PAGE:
The Big Story: Sea of Thieves
We talk treasure chucking, ship pimping and flying the Xbox One flag with the developers of Sea of Thieves, Rare’s most ambitious game ever
The aspiration for Sea of Thieves, says its executive producer, Joe Neate, is for it to be “believable, not realistic”. What else would we expect from a studio that’s never let realism spoil the fun? Climb aboard your ship and you can raise the anchor, lower the sails, spin the wheel and set off, sure. But you can also pick up an accordion and start crooning your own sea shanty. Or start glugging down grog and see how much of a liability you’ll become to the rest of your poor crew.
The greatest swashbuckling game we’ve seen since Assassin’s Creed’s fling with piracy, Sea of Thieves is a seafaring MMO that’s also a treasure trove of mad ideas. “The magic of this is that it’s a shared-world adventure game,” explains Neate. “It’s a bunch of friends, on an adventure, sailing together, going on quests, getting treasure, taking that back, storing it. We want to meet the key motivations of people who love to explore, people who love to battle and people who love to go on quests and have goals.” And people who just want to reduce other ships to tiny shards scattered across the seabed? “Whenever you see a set of sails on the horizon, you are going to know that it’s crewed by real players and you’re not really going to know what their intent is.” So if it’s the good ship OXM, expect to be buried at the bottom of the ocean in an onslaught of cowardly cannon fire.
Our nefarious plans will rely on good matchmaking, mind. Just how easy is it to choose our shipmates?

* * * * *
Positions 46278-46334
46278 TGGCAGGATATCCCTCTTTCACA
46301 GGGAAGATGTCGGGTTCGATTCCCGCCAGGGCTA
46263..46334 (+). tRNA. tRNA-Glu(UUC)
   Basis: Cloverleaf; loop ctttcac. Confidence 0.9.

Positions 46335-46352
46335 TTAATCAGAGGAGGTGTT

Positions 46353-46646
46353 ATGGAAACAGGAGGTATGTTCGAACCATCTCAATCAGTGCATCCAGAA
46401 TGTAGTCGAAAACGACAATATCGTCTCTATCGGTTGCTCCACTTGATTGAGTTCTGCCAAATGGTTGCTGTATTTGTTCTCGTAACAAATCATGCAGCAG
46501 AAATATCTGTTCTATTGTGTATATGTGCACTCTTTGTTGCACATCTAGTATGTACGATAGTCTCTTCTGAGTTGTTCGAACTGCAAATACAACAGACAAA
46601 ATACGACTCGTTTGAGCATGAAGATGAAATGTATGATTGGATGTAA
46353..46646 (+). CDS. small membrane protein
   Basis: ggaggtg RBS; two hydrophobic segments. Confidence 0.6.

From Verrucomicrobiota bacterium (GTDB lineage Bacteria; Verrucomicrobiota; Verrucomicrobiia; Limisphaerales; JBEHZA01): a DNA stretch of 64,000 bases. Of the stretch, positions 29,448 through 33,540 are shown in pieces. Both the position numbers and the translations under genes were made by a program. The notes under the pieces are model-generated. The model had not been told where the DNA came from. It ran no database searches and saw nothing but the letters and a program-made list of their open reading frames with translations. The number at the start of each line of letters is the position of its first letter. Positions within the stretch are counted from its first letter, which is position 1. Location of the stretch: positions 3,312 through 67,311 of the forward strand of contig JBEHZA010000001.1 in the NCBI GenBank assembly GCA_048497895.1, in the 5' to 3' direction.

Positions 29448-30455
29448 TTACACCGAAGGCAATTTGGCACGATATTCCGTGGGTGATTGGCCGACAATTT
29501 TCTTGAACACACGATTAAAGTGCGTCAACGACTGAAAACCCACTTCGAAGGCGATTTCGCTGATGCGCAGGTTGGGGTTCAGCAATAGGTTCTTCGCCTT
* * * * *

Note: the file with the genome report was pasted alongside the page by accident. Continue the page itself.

“We absolutely want friends coming back together and operating as a permanent crew,” says Neate. “It’s an aspiration we want to support because we know people want that. We want players to become the legends of the game. There’s no Blackbeard, no Black Pearl ship. We want players to become that based on the stories they go on or the videos they share. I want to recognise a ship I’ve seen in a bunch of blog posts or videos and go, ‘Whoa! Let’s sail the other way!’”
It’s an ambitious goal, and Rare know a large player base will be required to achieve it. With the game launching on both Xbox One and PC, could cross-play be on the cards? “We’re looking into cross-play. It’s an aspiration for us to do that,” promises Ted Timmins, the PC design lead. “Of course it means better matchmaking when there’s more players out there. We won’t do it unless we feel the balance is there. But even if there’s a slight imbalance we feel we can have some fun with it. We’ll let the PC players have their flags and the Xbox One owners have their own flags and you can be like, ‘There’s Xbox players on the horizon!’ or vice versa.”
A vicious nautical battle against the PC master race? Sign us up.
Individual flags are just the start, as pimping out your ship is how you’ll stand out in Sea of Thieves’ oceans. “You’re going to have your ship, and be able to upgrade how it looks and how it plays,” promises Neate. “The figurehead, sails, cannons, hull, etc.